Australian screenwriter Andrew Emmerson is at the beginning of his career, which starts and ends with writing like crazy. Growing up in the bush he moved to Sydney for school, and after graduating from university with an Arts degree in Media he threw himself into work, interning for Nickelodeon and The Media Tribe in Australia, before he was accepted to AFTRS (Australian Film Television Radio School) where he received an Advanced Diploma in Screenwriting for Series Television. In his words “It lit a fire under me.”Since then, he has spent all his free time writing, creating original scripts for series and film, as well as writing spec scripts for his favourite series.
Exclusive Interview with Andrew Emmerson – Screenwriter
NY Glam: What projects are you currently working on?
I wrote a short play in 2016 called “The Red Planet” – it was a comedy about a group of astronauts traveling to Mars to colonise it, only to discover it is already inhabited by Martians that have somehow evaded detection all this time.
What I’m currently working on is a very rough adaptation of that play. A team of astronauts are going to explore a distant planet when they slip through an anomaly in space. Crash-landing on an alien planet, their pilot missing, they are viewed as refugees and criminals. They are imprisoned, only to discover they are no longer in the same part of space or time and humans are all but extinct. What follows is a journey to survive and understand new planets and people and evade the sinister forces that don’t want humans to ever return.
I spent my Christmas break plotting the first season, and I’ll be scripting it shortly.
NY Glam: What makes a film great for you? Are there certain qualities that make a film better for you?
I think it comes down to two things – story and character. Whilst they’re equally important, if your characters aren’t interesting, your story won’t shine. You can have the most impressive story in the world but if your audience doesn’t connect with the characters, most people will ultimately switch off.
It’s easier the other way around – characters that are fun to watch will surpass story issues, but you can’t just have a strong character with witty one-liners and ignore the fact that you’ve got a terrible story. You need that balance of a great story that uses your characters as much as is needed for that story, which in turn allows the characters to grow. The relationship between good story and character should be symbiotic – if you’ve got one without the other, you’ve got a big problem.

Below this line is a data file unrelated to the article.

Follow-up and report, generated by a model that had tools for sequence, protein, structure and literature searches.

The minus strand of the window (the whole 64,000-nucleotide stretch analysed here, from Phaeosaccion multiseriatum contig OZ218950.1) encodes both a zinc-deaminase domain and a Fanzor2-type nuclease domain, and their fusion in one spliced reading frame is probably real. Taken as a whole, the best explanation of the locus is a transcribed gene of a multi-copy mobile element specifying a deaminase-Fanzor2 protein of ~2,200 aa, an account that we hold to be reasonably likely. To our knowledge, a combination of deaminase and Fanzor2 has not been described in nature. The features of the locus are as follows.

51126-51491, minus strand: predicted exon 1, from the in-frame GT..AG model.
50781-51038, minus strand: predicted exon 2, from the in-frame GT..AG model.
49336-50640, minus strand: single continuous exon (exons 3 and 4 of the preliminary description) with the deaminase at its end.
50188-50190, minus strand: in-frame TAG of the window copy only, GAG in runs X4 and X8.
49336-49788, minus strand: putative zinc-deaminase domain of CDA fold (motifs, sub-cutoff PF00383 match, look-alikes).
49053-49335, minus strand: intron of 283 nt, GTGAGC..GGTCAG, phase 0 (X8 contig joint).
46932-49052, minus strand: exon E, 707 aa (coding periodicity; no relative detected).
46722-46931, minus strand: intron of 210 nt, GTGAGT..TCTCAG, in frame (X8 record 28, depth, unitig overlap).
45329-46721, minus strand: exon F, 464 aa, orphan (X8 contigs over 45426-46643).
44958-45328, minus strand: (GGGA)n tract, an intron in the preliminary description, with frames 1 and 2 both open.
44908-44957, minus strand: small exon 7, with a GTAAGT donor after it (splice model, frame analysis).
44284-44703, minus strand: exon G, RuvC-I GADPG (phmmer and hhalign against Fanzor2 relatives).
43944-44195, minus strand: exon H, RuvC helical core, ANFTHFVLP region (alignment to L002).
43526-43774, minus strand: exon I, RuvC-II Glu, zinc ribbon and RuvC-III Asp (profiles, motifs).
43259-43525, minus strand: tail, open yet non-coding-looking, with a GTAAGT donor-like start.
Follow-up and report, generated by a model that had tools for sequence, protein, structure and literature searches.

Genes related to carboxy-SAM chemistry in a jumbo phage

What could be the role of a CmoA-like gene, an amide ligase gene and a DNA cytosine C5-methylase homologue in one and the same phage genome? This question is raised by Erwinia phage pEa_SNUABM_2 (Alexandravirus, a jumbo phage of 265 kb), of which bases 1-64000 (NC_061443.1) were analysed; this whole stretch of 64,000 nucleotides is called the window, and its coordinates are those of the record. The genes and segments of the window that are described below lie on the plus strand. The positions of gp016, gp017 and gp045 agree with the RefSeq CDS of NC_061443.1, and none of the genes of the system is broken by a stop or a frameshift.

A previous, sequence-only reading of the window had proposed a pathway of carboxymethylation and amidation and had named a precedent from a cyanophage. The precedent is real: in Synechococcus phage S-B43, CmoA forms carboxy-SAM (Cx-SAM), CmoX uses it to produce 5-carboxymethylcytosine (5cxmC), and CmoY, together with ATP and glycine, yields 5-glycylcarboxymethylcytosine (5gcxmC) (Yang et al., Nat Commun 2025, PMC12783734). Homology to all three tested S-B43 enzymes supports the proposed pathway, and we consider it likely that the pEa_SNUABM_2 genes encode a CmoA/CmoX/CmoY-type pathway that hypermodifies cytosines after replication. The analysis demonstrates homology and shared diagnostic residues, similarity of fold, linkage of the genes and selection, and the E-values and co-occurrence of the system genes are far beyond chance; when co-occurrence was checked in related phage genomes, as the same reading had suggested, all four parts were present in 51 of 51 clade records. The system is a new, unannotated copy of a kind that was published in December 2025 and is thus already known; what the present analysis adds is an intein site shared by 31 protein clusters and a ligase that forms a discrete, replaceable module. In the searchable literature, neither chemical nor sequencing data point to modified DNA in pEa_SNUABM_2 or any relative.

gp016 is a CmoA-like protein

Personally, I love dialogue. Sharp, clever dialogue is my favourite thing to watch – but difficult to do well without making a scene just talking heads or filled with exposition.
NY Glam: As a screenwriter, what is the most important aspect of building a character?
Figuring out the voice of a character is probably the most important part of building a character – but that’s surface level. To find the voice, you need to know who they are at their core, what their drive is, who they are. There’s no instruction manual to this, but the thing is more doesn’t hurt!
You can spend a long time figuring out a fatal flaw, giving them a starting point so they have room to grow (essential), family, friends, a tragic backstory – the more you know about your character, the easier it will be to get into their head and start writing for them. I usually try things out in my head to see if they make sense. If it works, great! If not, I try again. I’ve gotten out of a number of jams by twisting character aspects until something clicks. “Would that character work better as a woman?” “Where have they been for the past 5 years?” “How’d they get that hook for a hand and how would that make them act differently?” – everything is important and the more you know, the better your writing will be.